Through mere coincidence I stumbled over the site “Women in Horror Month” while browsing the blog at “The F-Word”, just as I usually do.
At first, I was quite surprised. Why would someone (officially or not) dedicate a whole month to the topic of women in horror? So I checked the site, read the manifest and soon realized they were actually right, for various reasons.
First of all, most horror stories (movies and otherwise) do not work completely without women. Horror is, to a certain degree at least, always about sex. (Just as it always is about death. According to Freud those two forces don’t exist without another – and at least for horror, this is true.) It’s about the monster (whatever the monster might be, take your pick) threatening the heroine and the hero coming in to rescue her (or not, horror movies don’t have to end happy). It threatens her with death, ultimately, but in the short run those threats usually have some sexual component as well. The vampire, of course, is seducer par excellence. He’s having sex with his (or her) victims without even opening the pants. He brings both, ecstasy and death. The werewolf has a more direct approach, not seducing, but simply taking (in other words: raping) the victims and then completing the act by tearing the flesh from their bones and devouring it. This might be the reason why female werewolves are so rare: our society can live with the female vampire as a seductress, but not with the female werewolf as a rapist (of men, possibly, as it would be far stronger than them). As Stephen King pointed out in “Danse Macabre”, most classical posters for horror movies feature a variety of a simple theme, presenting to us the monster holding an unconscious (and thus helpless) beauty in its arm. (Or threatening her in a way while she wears her time’s equivalent of the most revealing thing you can wear without being called a slut. Ripped dresses are always fashionable in such a situation, ripped night gowns are very popular, especially for vampire movies.)
The logical next step from this onwards is the fact that you only survive in a horror movie (especially as a women) if you are virtuous. That means no drugs, no alcohol and no sex – though Rock’n’Roll might just be allowed. (In slasher movies, which concentrate on teens, both as main characters and audience, the final girl usually is still a virgin.) Women in horror movies thus are portrayed as naive most of the time. They are innocent (whether they’re still helpless in the end, depends on the type of movie, the final girl in the slasher movies has to grow up and become self-dependent to survive), sweet and in need of a saviour. Women who are not virtuous, are either villains themselves (as Dracula’s brides) or get killed by the monster.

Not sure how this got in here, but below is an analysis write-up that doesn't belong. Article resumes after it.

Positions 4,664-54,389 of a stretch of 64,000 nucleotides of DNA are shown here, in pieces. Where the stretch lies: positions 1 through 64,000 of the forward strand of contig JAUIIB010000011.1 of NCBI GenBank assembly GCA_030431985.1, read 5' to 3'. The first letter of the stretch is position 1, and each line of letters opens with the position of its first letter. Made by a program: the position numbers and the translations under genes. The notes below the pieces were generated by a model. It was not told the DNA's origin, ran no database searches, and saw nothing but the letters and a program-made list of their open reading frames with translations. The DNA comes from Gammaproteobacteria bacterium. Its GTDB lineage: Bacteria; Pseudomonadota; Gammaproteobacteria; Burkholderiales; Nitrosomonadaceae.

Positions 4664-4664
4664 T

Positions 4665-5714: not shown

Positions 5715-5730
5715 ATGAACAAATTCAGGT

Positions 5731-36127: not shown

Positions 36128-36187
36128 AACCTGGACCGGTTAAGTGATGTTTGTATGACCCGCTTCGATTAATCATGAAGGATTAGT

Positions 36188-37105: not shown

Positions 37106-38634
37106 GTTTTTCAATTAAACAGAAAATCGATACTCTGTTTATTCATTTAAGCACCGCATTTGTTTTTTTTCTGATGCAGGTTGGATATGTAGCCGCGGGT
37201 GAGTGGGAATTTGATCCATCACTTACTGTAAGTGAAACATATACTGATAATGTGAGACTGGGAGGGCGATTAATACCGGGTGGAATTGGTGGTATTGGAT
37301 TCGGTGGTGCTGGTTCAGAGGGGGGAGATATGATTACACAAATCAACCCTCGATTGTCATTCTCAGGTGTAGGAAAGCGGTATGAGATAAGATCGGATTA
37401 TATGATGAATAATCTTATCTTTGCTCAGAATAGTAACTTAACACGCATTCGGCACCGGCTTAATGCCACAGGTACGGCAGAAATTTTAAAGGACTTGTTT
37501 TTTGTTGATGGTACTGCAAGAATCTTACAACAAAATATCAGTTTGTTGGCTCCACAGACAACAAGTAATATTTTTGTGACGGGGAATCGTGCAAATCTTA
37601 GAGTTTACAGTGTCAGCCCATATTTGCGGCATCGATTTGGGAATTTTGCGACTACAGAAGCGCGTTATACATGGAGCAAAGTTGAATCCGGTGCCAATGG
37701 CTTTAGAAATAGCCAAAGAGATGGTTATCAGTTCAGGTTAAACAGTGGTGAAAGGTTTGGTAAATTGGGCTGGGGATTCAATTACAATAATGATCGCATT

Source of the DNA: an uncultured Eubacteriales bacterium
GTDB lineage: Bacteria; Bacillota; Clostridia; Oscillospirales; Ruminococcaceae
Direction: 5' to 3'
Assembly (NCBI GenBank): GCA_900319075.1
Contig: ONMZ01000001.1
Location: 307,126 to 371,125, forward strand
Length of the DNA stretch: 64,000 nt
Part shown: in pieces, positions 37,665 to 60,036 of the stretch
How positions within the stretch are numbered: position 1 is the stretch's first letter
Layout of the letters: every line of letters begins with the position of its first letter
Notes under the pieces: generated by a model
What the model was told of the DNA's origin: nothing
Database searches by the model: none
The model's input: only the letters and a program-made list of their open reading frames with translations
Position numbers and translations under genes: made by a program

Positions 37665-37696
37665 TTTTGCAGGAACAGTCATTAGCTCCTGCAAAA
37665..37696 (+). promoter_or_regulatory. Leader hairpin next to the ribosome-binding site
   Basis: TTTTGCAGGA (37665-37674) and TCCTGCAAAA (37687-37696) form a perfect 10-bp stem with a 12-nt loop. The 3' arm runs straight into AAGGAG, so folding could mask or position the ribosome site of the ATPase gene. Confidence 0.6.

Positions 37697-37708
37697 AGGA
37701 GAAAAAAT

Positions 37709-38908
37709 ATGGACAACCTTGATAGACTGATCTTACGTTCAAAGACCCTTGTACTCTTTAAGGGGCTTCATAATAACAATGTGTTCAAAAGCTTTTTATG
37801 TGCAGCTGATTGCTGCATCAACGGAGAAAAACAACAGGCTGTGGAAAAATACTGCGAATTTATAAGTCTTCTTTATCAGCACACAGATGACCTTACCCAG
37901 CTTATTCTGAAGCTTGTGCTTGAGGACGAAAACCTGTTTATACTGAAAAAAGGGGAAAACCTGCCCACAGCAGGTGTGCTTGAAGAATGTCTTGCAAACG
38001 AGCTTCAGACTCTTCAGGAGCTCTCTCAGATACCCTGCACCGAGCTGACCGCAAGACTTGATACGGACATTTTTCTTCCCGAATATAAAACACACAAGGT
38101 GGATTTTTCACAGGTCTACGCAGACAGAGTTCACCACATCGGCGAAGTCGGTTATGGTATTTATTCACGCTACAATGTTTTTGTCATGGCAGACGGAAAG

In addition, though, women and horror movies go together on another level. Most people (at least most people in the media) seem to think women are not interested in horror movies at all (except perhaps for “Twilight”, but I won’t go down this alley, not this time). I beg to differ, I was interested immensely in horror movies as a teenager and still like watching them every now and then today. I still read horror novels (and can’t even remember how often I’ve read “Dracula” by now). And from occasional talks to other people, I know I’m not the only one.
This idea (women don’t like horror movies) seems to be based on an old prejudice: women are helpless and fearful little things who would be scared to death by anything remotely like horror. Are we? No, certainly not.
Women do write, direct and act in horror movies. Without them, the industry would miss quite something. Women do write horror novels, too (and not just the “Twilight” variety). Yet, they are seldom reckoned as a force in the business, at least not by the media. And if they are, they are usually associated with ‘horror light’ or “Lifetime Horror” as they call it on the website mentioned above. Consider February as the “Women in Horror Month” from now onwards and remember that there’s no such thing as horror without them.